Laundry Pod Environmental Impact
Presented below are examples of academic and highly credible reports and articles on the environmental effect of laundry pods. Most of the reports uncovered focus on more than one type of detergent form, with few reports providing in-depth ecological impact information. The studies fall into three categories focusing on liquid detergents, powdered detergents, and single-use pods.
I. Articles/Studies About the Impact of Liquid Laundry Detergents
Effect of Detergents from Laundry Greywater on Soil Properties: a Preliminary Study
- The journal report titled "Effect of detergents from laundry greywater on soil properties: a preliminary study" examines the micro-pollutants in both liquid and powdered laundry wastewater detergents.
- According to the report, the discharge of laundry greywater causes adverse effects on soil properties. Both powdered and liquid laundry detergent wastewater reduced soil infiltration and increased its PH and Resonant Column (RC) values.
- The report concludes by suggesting the adoption of standards to set minimum concentration levels of compounds in laundry detergents. It also recommends the implementation of a new policy on the proper disposal of laundry wastewater.
Washing Laundry May Be an Underappreciated Source of Microplastic Pollution
- The findings from the report dubbed, "Washing Laundry May Be An Underappreciated Source of Microplastic Pollution," provides an in-depth analysis of the types of microplastics responsible for microplastic pollution.
- Microbeads found in laundry detergents have a significant environmental impact than microfibers, which shed faster as they interact with different types of fabrics during washing. Moreover, using laundry detergents versus pure water produces up to 86% microfibers, which also make up 35% of plastic waste.
- The study concludes that fashion brands should consider environmentally friendly fabric in their production process. Also, there are products consumers can buy to filter microbes out of washing machines. Lastly, the report urges industries to switch microbeads for other environmentally friendly options.
- The report titled "Laundry Detergents" provides a detailed examination of the environmental impact of both liquid and powdered laundry detergents, including the compounds in each detergent. It analyses 40 different washing powdered and liquid detergent brands.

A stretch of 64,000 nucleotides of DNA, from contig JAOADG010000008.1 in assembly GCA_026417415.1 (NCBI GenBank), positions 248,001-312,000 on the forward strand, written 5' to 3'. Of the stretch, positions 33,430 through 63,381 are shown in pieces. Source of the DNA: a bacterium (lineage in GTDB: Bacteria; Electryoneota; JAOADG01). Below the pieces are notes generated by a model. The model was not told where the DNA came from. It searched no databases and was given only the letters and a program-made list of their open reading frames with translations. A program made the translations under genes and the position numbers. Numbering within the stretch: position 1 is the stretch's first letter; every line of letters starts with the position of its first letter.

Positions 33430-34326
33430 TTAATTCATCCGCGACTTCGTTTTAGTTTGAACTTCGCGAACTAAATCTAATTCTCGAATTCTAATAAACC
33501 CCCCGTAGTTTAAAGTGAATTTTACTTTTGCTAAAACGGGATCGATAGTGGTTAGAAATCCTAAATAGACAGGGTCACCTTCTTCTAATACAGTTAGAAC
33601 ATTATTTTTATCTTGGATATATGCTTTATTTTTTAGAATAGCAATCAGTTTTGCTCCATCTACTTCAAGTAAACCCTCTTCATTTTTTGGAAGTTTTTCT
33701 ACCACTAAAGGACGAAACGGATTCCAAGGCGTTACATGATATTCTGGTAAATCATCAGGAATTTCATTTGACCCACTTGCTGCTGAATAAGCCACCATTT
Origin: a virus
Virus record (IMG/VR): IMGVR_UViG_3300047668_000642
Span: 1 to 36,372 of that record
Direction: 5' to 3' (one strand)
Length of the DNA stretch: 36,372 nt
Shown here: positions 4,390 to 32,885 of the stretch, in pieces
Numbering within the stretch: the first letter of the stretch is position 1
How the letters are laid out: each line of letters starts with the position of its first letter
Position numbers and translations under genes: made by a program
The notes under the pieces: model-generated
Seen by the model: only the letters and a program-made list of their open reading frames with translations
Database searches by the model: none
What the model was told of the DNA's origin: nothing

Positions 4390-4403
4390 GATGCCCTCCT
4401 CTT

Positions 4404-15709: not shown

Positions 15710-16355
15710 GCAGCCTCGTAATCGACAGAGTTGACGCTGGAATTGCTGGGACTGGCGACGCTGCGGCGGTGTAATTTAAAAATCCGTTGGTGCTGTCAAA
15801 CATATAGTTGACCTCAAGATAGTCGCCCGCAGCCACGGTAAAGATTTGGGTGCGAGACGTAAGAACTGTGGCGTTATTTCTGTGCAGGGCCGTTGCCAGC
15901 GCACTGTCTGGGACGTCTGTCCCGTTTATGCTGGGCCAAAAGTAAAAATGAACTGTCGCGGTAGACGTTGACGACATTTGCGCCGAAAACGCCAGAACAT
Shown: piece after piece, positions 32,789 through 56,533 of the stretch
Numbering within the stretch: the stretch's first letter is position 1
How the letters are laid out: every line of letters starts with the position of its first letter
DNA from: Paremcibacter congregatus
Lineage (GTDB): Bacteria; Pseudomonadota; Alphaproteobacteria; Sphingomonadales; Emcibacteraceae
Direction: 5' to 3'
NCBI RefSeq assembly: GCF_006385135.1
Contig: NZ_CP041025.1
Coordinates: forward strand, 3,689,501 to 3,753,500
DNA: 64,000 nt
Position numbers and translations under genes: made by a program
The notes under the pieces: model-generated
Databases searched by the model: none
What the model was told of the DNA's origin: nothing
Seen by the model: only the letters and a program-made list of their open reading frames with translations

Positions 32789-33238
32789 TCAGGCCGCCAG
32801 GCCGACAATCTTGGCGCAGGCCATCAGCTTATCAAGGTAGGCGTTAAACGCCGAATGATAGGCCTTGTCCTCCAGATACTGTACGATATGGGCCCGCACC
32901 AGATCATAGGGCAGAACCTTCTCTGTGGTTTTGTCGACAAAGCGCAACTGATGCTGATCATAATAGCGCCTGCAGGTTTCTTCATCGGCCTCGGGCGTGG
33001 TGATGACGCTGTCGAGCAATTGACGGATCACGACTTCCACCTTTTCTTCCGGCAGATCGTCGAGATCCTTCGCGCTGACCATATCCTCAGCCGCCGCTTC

- Enzymes and surfactants found in laundry detergents are biodegradable and cause no environmental harm. New cleaning products do not use phosphates or use them in negligible amounts because they pollute fresh waters with algal blooms that affect fish.
- The report found out that liquid detergents perform better over many environmental indicators because of limited chemical use per wash. Liquids also perform better than powdered detergents across many environmental indicators, including acidification, climate change, human poisoning, photochemical smog, and ozone depletion.
Environmental Considerations with Laundry Detergent
- The article titled, "Environmental Considerations with Laundry Detergent" unravels the impact of the toxicities of the chemical ingredients of laundry detergents on the environment, along with their carbon cost of production.
- The Wall Street Journal notes that the carbon footprint of using the United Kingdom's Tesco detergent ranges from 1.3 pounds to 1.9 pounds per load based on the form of detergent used. In comparison, a car emits about one pound of CO2 for every mile covered.
- The major environmental concerns regarding the use of detergents include toxicity to aquatic life, eutrophication of freshwater, health issues such as cancer, and persistence in the environment.
II. Articles/Studies About the Impact of Powdered Laundry Detergents
The Contribution of the Type of Detergent to Domestic Laundry Greywater Composition and Its Effect on Treatment Performance
- This report explores how both liquid and powdered detergents contribute to the composition of domestic laundry wastewater. It states that overdosing on either liquid or powdered detergents during washing and discharging the untreated water into the environment causes adverse effects on aquatic organisms.
- According to the report, powdered detergents produce more polluted greywater compared to liquid detergents. Moreover, untreated laundry greywater leads to massive contamination of water bodies.
- The study further notes that powdered detergents contribute to a higher concentration of Linear Alkylbenzene Sulfonates (LAS’s) and more total solids, and less chemical oxygen demand (COD) and total organic carbon (TOC).
The Impact of the Use of Detergents in the Life
- Published by Green Kulture, "The Impact of the Use of Detergents in The Life" report features the environmental impact of both liquid and powdered detergents. Detergent-forming surfactants and builders affect both humans and the environment.
- Highly concentrated and untreated powdered detergent wastewater endangers the lives of "human biota, water, and biota that consume them."
- Harmful compounds such as benzopyrene found on detergent waste can disrupt the environment by affecting drinking water, its odor, and taste. Such compounds are also carcinogenic.
The impact of Detergents on The environment
- "The impact of Detergents on the Environment" is a detailed article published by Smart Green Post and explores the harmful effects of powdered and other detergents on the environment. The report features information on the test results of 26 powdered detergents.